Cave Bear

Σπήλαιο Περάματος, Ιωάννινα

Bear Cave - Ursus etruscus. The ancestral forms of the bear first appeared about 20 million years ago (the genus Ursavus), followed by the species Ursus etruscus, which gave the 2 million years main branches: the "bear" branch with the current brown bear (Ursus arctos) and the "cave" branch with Ursus deningeri initially up to 100 thousand years and finally with the bear cave (Ursus spelaeus) up to 10 thousand years, ie until the end of the last glacial period, the date. With its extinction, this branch of evolution ceased and today there is no species of bear that is considered its offspring.

Cave Bear

The cave bear, although it was an animal of greater body mass than today's brown bear, had eating habits with an obvious vegetarian tendency, as shown by the formation of its dentures. Perhaps this difference was decisive for its disappearance.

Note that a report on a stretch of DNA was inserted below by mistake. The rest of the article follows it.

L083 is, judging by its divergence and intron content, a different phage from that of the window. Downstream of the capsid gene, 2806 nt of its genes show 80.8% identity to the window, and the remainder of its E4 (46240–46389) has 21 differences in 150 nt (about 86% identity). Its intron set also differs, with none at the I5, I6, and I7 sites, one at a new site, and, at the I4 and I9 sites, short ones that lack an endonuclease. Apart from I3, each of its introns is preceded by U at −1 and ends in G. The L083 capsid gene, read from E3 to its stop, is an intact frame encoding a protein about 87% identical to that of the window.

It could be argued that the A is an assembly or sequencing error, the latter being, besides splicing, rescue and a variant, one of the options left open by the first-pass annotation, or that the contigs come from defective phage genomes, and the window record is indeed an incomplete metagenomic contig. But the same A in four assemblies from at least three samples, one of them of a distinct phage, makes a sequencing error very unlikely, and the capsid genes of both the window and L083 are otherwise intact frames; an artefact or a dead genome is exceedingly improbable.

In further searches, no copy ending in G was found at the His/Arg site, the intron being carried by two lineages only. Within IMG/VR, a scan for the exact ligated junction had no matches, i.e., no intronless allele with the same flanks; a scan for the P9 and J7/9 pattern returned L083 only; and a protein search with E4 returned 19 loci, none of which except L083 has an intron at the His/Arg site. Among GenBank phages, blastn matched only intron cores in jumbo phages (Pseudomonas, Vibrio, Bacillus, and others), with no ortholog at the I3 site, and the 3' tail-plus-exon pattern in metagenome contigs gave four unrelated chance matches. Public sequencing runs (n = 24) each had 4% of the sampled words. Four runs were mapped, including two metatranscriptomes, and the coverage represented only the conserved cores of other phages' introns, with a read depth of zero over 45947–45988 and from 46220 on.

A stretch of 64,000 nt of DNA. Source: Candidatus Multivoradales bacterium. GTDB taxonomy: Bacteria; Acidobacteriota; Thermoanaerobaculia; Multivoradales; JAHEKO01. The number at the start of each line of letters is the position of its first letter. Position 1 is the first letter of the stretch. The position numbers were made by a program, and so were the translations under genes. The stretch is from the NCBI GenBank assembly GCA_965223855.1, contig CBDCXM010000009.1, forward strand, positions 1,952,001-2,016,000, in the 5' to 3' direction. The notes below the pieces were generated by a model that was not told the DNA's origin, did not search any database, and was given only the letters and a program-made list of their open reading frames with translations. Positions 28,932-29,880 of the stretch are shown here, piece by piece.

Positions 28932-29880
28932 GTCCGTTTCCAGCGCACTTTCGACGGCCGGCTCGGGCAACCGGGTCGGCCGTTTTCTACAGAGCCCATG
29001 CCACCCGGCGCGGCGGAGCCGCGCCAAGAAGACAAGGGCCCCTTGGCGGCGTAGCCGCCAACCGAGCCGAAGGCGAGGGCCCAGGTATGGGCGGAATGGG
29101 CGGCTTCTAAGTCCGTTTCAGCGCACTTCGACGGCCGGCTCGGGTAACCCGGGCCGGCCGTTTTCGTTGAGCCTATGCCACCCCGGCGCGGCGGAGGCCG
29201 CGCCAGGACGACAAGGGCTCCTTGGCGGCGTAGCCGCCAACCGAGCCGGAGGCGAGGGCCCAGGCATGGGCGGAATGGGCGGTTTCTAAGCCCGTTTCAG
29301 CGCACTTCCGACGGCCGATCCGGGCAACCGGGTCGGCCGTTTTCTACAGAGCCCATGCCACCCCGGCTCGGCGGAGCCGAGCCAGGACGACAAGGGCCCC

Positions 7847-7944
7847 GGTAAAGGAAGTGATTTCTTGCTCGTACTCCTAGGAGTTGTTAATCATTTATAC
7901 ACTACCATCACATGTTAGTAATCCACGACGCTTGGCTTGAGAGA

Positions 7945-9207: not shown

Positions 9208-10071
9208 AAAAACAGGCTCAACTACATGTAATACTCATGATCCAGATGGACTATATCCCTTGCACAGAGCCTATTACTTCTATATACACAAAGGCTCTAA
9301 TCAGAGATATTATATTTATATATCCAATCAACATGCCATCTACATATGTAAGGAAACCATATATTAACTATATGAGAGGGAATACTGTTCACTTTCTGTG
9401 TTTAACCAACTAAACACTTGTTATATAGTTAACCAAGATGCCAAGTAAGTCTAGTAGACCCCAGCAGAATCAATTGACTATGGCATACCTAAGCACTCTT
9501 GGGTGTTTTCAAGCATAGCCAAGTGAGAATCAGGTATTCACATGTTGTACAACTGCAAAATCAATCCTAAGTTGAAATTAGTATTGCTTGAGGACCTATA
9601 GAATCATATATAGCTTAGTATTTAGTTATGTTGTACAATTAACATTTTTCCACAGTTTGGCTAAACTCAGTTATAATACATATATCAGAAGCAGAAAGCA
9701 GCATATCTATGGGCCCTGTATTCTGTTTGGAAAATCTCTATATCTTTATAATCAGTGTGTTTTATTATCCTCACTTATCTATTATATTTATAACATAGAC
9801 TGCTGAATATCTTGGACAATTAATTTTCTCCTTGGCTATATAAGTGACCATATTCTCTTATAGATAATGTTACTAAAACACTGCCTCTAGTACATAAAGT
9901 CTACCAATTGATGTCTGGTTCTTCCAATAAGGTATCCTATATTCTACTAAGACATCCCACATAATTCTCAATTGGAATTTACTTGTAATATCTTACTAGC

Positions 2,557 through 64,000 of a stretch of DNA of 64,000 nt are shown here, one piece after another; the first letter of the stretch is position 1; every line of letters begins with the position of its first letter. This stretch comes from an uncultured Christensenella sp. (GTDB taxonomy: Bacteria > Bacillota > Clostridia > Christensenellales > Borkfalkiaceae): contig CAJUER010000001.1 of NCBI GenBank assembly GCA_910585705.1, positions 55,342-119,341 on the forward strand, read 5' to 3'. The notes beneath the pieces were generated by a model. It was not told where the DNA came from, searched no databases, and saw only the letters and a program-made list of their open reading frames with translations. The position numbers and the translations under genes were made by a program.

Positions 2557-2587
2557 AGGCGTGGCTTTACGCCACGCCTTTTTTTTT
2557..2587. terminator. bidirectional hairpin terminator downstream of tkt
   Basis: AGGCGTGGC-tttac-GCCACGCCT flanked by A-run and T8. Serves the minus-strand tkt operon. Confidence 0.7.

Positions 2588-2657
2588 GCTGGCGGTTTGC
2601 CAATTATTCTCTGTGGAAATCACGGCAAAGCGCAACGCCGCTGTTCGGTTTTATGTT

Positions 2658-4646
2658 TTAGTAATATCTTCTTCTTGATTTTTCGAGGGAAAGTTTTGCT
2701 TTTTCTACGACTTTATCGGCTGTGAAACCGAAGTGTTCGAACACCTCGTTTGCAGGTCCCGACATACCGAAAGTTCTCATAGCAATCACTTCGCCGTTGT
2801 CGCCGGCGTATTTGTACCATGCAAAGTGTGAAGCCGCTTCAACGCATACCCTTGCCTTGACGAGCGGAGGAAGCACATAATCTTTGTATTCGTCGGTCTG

Finally, perhaps prehistoric man also played an important role in its extinction. A new excavation paleontological research in the cave followed, in 1992-93, the results of which were announced in 1994 at the 5th International Conference (Athens-Crete) on "Development, evolution and Environment of Caves" and were published in the Bulletin of the Hellenic Speleological Society. .

This study, by Professors P. Pavlakis, A. Fistani and N. Symeonidis, provided new data on the paleontology of the cave of Perama. He identified, in addition to the bear cave, the presence of the fox (Vulpes vulpes) and the chamois (Capra ibex).

It is also important that the new bear material differs from what has been studied in the past, because it presents more primitive characters and reveals an archaic Ursus spelaeus, which alternatively, can be considered an advanced Ursus deningeri.

The presence of a bear phylogenetically earlier than the cave, indicates a rich fauna for a long period of time, which may approach the Lower Middle Pleistocene and complements the previous views.

Σπήλαιο Περάματος, Ιωάννινα Σπήλαιο Περάματος, Ιωάννινα